Called bánh caramel or kem caramel in the north, and bánh flan or kem flan in the south, Vietnamese crème caramel is a steamed custard made with coconut milk.
I made this back in February of 2008. At the time, I hadn’t set foot in Vietnam yet, I knew very little about its cuisine, and I thought I invented a new sweet dish. I simply called it coconut custard and, in parenthesis, leche flan with coconut milk.
There is also a variation with mango puree which I made a mere two weeks before this one. But that one, I’ll post a separate recipe for.
So, is bánh flan anything like its French ancestor? Yes and no. There’s no dairy milk in bánh flan; there’s coconut milk (or, in my case, a combination of coconut cream and milk infused with pandan leaves) instead. It isn’t cooked in the oven with a water bath; it is steamed.
What bánh flan shares with the French crème caramel is the silky smooth texture of the custard. And the caramelized sugar topping which, in the case of bánh flan is a shade darker which gives it a slightly nutty but not quite bitter flavor.
Bánh Flan (Vietnamese Crème Caramel)
- heat-proof ramekin or dish
- Pour 1/4 cup sugar into a small sauce pan and stir in a tablespoon of water. Set over medium heat and cook until the sugar starts to melt. Swirl the pan often, continue cooking until syrupy and amber-colored (see how to caramelize sugar).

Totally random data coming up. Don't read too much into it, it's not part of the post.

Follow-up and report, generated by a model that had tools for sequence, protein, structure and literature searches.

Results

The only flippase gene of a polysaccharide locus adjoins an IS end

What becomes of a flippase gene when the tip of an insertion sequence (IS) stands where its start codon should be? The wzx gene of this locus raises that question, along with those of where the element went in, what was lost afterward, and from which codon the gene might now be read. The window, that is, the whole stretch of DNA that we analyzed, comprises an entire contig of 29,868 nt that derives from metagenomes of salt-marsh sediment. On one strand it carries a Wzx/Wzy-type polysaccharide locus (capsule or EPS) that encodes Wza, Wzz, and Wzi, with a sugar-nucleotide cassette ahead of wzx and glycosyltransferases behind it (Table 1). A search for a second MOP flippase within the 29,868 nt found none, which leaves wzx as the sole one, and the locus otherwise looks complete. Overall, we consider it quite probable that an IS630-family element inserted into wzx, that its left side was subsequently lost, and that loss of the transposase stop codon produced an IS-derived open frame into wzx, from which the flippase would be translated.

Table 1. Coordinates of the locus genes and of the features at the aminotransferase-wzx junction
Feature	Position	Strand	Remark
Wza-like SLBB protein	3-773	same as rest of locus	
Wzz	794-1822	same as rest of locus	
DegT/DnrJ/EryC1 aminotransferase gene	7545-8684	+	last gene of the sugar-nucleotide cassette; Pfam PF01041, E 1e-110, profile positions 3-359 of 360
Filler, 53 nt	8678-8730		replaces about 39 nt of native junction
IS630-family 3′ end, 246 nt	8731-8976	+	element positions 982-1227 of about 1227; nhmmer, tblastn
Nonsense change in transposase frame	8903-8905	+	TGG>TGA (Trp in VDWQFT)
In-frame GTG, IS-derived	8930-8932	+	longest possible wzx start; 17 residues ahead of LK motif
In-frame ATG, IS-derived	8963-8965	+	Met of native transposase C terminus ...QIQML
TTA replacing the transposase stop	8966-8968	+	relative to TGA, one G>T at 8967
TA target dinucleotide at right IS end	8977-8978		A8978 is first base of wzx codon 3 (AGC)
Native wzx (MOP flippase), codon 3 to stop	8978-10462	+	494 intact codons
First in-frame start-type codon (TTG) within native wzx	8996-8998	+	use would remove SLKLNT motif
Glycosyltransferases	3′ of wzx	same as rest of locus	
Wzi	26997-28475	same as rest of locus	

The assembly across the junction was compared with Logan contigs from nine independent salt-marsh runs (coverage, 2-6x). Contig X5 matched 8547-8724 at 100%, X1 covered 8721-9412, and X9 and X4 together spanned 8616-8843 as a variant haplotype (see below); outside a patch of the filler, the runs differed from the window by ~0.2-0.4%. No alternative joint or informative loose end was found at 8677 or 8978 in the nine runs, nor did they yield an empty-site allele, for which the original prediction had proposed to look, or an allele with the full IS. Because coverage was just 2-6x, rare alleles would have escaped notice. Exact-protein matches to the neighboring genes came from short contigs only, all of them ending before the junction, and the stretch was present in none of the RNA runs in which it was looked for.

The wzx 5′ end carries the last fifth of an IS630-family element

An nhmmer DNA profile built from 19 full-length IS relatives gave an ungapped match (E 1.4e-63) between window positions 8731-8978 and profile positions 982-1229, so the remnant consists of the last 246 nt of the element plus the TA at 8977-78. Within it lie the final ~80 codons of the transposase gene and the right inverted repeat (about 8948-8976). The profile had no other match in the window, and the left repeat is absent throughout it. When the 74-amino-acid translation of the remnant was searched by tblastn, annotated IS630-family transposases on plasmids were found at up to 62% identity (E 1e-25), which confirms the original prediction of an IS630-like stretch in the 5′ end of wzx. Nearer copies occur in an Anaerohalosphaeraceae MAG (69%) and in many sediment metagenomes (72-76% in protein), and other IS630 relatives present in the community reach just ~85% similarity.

- Pour the caramelized sugar into the bottom of a heat-proof ramekin or dish and tilt in every direction to allow the sugar to spread before it hardens. Set aside.
- Pour the coconut milk into a small sauce pan, stir in the remaining white sugar and salt, and throw in the pandan leaves. Set over low heat and cook, stirring, just until the sugar melts. Do not allow to boil.
- Stir the coconut cream into the heated coconut milk until smooth. Set aside to cool completely.
- Prepare your steamer by pouring enough water into the basin to reach a depth of at least two inches. If the cover of your steamer is glass or metal, wrap it with a cheesecloth or a kitchen towel. This will absorb steam to prevent it from condensing and falling into the bánh flan.
- Start heating the water in the steamer. You want to bring it to a gentle boil before you put in the uncooked bánh flan (see how to boil water and why it is important to know).
- In a mixing bowl, stir the egg yolks (do not beat) to break them up.
- Take the cooled coconut cream and milk mixture, discard the pandan leaves, and pour into the egg yolks. Stir until evenly colored.
- Pour the egg-milk mixture into the ramekin lined with caramelized sugar.
- Set the ramekin into the steamer basket, cover the steamer and cook the bánh flan over gently boiling water. How long depends on the thickness of the custard in relation to the size of the ramekin. A custard about an inch and a half thick will only take about 15 minutes to cook.
- To test if the bánh flan is done, take a wooden toothpick and insert at the center until it is halfway through the custard. Your skewer doesn't need to touch the bottom of the ramekin. If the toothpick comes out with semi solid custard coating it, it is done. The bánh flan will continue cooking off the heat. If you get liquid when you pull out the toothpick, continue steaming.
- Remove the ramekin from the steamer and set on a rack to cool. Cover with foil or cling film and chill the bánh flan in the fridge for a few hours.
- Invert the bánh flan on a plate and serve.
If you cooked this dish (or made this drink) and you want to share your masterpiece, please use your own photos and write the cooking steps in your own words.